Synopses & Reviews
The offering of gifts is a practice nearly as ancient and widespread as human culture itself. At courts throughout the Islamic world, the exchange of lavish gifts and endowments intimately linked art with diplomacy and royal ambitions, religion, and personal relationships.
This beautifully illustrated book explores the complex interplay between artistic production and gift-based patronage by discussing works of great aesthetic refinement that were either commissioned or repurposed as gifts. By tracing the unique histories of certain artworks, the author reveals how the exchange of luxury objects was central to the circulation, emulation, and assimilation of artistic forms both within and beyond the Islamic world. The catalogue features seventy illustrations of artworks from the 8th to the 20th century. These include some of the most beautiful and least-known objects from the Islamic world, such as jewelry, armor and weaponry, enormous and ornate carpets, and illustrated copies of the Qur'an.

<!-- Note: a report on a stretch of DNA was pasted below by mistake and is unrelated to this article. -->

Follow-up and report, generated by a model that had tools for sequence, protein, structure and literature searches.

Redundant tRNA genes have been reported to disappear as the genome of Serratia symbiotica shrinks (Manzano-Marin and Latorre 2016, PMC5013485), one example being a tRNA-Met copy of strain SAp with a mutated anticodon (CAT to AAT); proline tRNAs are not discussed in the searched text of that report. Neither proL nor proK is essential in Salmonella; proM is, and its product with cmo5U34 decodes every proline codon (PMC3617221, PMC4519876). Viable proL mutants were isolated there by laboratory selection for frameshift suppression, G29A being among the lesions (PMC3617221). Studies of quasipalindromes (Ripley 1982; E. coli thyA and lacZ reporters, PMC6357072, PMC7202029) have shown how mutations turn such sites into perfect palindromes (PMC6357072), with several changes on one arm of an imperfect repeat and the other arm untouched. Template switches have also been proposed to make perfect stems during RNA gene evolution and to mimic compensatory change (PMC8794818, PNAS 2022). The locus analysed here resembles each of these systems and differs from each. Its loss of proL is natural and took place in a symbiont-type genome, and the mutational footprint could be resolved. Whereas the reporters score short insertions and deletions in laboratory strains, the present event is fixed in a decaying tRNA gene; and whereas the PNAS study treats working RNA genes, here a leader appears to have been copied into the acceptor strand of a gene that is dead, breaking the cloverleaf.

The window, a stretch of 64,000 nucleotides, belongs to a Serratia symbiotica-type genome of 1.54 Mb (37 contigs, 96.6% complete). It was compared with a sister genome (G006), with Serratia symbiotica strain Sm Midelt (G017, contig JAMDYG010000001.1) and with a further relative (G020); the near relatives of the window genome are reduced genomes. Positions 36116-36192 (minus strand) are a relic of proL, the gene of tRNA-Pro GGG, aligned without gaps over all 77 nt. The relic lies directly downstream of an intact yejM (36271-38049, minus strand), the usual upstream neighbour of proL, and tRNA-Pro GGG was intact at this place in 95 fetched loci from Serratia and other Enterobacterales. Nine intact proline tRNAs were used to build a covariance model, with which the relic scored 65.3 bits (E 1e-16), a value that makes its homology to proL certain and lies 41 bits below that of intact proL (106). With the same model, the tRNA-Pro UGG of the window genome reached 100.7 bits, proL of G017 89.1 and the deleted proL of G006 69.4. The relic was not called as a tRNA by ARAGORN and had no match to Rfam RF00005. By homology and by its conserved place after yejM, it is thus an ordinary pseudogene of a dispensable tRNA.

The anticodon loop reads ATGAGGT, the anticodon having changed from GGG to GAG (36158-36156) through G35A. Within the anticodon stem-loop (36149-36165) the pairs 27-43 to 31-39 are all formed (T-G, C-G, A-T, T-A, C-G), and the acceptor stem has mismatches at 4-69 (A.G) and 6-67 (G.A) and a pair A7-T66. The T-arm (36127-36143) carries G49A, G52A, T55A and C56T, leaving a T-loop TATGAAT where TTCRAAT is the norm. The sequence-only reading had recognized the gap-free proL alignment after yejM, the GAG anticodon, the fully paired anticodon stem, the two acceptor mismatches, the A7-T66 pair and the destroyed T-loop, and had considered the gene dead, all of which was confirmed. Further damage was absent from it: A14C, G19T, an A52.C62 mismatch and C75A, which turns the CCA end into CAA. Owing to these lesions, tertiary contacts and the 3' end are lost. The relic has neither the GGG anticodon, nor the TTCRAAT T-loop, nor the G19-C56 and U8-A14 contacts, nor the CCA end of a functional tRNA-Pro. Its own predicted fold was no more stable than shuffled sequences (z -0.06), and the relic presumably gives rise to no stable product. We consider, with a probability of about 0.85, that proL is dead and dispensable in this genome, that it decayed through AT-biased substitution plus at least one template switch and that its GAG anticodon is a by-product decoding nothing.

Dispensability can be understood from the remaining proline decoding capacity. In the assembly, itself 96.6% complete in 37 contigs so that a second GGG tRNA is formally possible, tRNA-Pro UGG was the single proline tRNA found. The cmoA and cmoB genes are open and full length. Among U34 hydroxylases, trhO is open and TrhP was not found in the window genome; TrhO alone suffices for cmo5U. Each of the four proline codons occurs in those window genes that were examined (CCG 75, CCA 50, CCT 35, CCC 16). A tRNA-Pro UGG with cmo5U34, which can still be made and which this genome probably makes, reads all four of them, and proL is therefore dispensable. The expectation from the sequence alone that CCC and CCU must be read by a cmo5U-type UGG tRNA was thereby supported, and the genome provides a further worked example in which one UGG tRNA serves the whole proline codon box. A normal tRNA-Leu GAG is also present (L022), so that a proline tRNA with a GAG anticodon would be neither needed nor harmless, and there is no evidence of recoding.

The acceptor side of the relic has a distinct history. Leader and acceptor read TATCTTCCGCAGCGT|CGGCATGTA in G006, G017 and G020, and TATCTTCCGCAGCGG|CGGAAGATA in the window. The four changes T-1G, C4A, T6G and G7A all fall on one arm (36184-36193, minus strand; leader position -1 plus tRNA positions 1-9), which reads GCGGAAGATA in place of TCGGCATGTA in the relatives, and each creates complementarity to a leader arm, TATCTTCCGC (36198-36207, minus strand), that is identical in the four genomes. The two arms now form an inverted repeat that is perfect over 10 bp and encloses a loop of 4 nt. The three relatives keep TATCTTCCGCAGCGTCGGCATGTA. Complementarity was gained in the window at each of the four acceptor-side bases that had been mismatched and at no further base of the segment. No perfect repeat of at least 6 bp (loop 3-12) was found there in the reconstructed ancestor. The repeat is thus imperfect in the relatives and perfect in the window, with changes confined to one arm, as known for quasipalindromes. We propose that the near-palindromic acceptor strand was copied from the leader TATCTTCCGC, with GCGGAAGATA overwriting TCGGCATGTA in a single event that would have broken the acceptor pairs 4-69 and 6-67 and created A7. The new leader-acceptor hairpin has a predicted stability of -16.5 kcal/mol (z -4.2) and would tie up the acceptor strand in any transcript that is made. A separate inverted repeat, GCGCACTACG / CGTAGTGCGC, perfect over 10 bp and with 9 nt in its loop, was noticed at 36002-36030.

About the Author
Linda Komaroff is curator of Islamic art at the Los Angeles County Museum of Art.